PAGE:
Wealthy Democratic contributors and large corporations have given more than $1 million since 1993 to upgrade and furnish Vice President Gore's official residence on the grounds of the U.S. Naval Observatory.
Officials with the nonprofit foundation that raised the funds said the effort was necessary to preserve a 106-year-old government building that desperately needed improvements. But a political watchdog group said the donors could have been seeking to curry favor with Gore.
"This is yet another way for people to get in the good graces of people in power," said Peter Eisner, managing director of the Center for Public Integrity, which released a report on the fund-raising effort yesterday. "This money gives the vice president some level of comfort, and buys access" from him.
A number of the donors to the Vice President's Residence Foundation, which oversees improvements to the property, have business before the government. Last year, Microsoft chief executive Bill Gates, whose firm is facing Justice Department antitrust charges, gave a gift valued at $30,000: a hefty multicolored glass sculpture by a Seattle artist that spends most of the time in storage. In addition, a Gates foundation donated $10,000 in 1996.
Time Warner Inc., MCI, Atlantic Richfield Co., Enron Corp., Bell Atlantic Corp., Coca-Cola Co. and General Motors Corp. also contributed $10,000 each. Many of the donors are longtime contributors to Democratic causes--Jonathan Tisch, chairman of the Loews Hotel chain, gave $35,000, while New York investment banker Steven Rattner ponied up $10,000.
In 1997, tobacco executive Bennett LeBow--considered a renegade in his industry for saying cigarettes are addictive and dangerous--contributed $2,000 to the residence foundation. This year, Gore's presidential campaign returned a donation from LeBow, saying it doesn't accept tobacco money.
The Gore fund-raising effort was kicked off with $300,000 transferred from the Clinton-Gore inauguration in 1993. Longtime Gore aide and lobbyist Peter Knight headed the foundation until last year, when the job passed to Doug Hall, a former Commerce Department official who once worked at a Tennessee newspaper with Gore.
"This building is part of our government and shouldn't be allowed to deteriorate," Hall said. "These are permanent improvements to the structure and grounds that will remain there." He said the fund-raising effort is akin to donations made to maintain the White House, Blair House and other historic sites used to accommodate foreign dignitaries.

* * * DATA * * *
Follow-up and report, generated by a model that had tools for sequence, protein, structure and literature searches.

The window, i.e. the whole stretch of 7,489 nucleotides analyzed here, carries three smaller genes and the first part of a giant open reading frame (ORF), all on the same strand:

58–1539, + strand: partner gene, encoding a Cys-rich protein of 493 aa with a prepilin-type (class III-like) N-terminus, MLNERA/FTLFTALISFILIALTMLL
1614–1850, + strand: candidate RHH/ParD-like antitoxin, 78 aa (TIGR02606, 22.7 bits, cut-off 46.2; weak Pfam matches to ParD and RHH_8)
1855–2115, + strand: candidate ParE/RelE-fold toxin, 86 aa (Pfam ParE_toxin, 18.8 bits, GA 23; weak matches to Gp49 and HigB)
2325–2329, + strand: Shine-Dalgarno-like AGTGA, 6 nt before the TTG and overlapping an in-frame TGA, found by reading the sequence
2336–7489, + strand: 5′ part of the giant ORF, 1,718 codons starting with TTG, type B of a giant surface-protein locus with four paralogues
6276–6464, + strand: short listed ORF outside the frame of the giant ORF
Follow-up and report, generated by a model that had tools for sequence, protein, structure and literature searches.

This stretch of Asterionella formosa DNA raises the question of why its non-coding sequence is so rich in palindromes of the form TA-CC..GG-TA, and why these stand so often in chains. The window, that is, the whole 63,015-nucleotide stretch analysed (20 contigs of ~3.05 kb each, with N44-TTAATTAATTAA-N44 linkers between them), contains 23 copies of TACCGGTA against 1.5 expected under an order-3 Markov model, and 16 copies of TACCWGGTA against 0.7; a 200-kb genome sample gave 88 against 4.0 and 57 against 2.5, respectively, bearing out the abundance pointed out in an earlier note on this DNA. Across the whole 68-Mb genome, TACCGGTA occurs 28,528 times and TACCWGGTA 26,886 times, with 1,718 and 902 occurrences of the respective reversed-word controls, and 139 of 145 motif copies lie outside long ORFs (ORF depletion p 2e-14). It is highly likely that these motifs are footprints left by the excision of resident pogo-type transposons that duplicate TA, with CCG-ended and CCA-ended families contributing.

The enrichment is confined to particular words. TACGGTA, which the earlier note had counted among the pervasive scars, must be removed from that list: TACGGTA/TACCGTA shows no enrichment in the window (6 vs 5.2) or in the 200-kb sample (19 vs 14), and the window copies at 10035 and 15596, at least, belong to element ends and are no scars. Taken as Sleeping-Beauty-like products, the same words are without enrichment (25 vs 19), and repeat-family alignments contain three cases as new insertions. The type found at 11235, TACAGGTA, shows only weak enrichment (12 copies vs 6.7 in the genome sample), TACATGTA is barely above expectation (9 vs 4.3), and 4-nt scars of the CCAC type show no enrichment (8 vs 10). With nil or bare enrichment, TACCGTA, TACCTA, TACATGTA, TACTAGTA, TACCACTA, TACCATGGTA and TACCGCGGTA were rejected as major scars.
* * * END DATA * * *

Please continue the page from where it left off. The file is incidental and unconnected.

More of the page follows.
The funds, most of which were raised in 1997, have been devoted to modernizing the 33-room Victorian mansion on Embassy Row, including the installation of a hot tub and the refurbishing of the hardwood floors. Last year, $80,000 was spent on landscaping and the planting of bushes and trees native to the Washington area.
Some of the donors got in trouble after giving the money. In 1993, a $6,000 pool table was donated by Democratic fund-raiser Howard Glicken, who pleaded guilty last year to charges that he illegally raised funds for Senate candidates from foreign sources. Miami business owner Mark Jimenez gave the foundation $20,000 in 1995, and last year he was indicted for allegedly making illegal political contributions by funneling money through his computer firm.
The Bush family informally raised funds for the grounds when George Bush was vice president in the 1980s, and the Quayles formalized the effort by establishing the foundation in 1991. They raised $380,000 but never released the list of donors.
CAPTION: The 106-year-old Victorian mansion on the Embassy Row grounds of the U.S. Naval Observatory is the official residence of the vice president.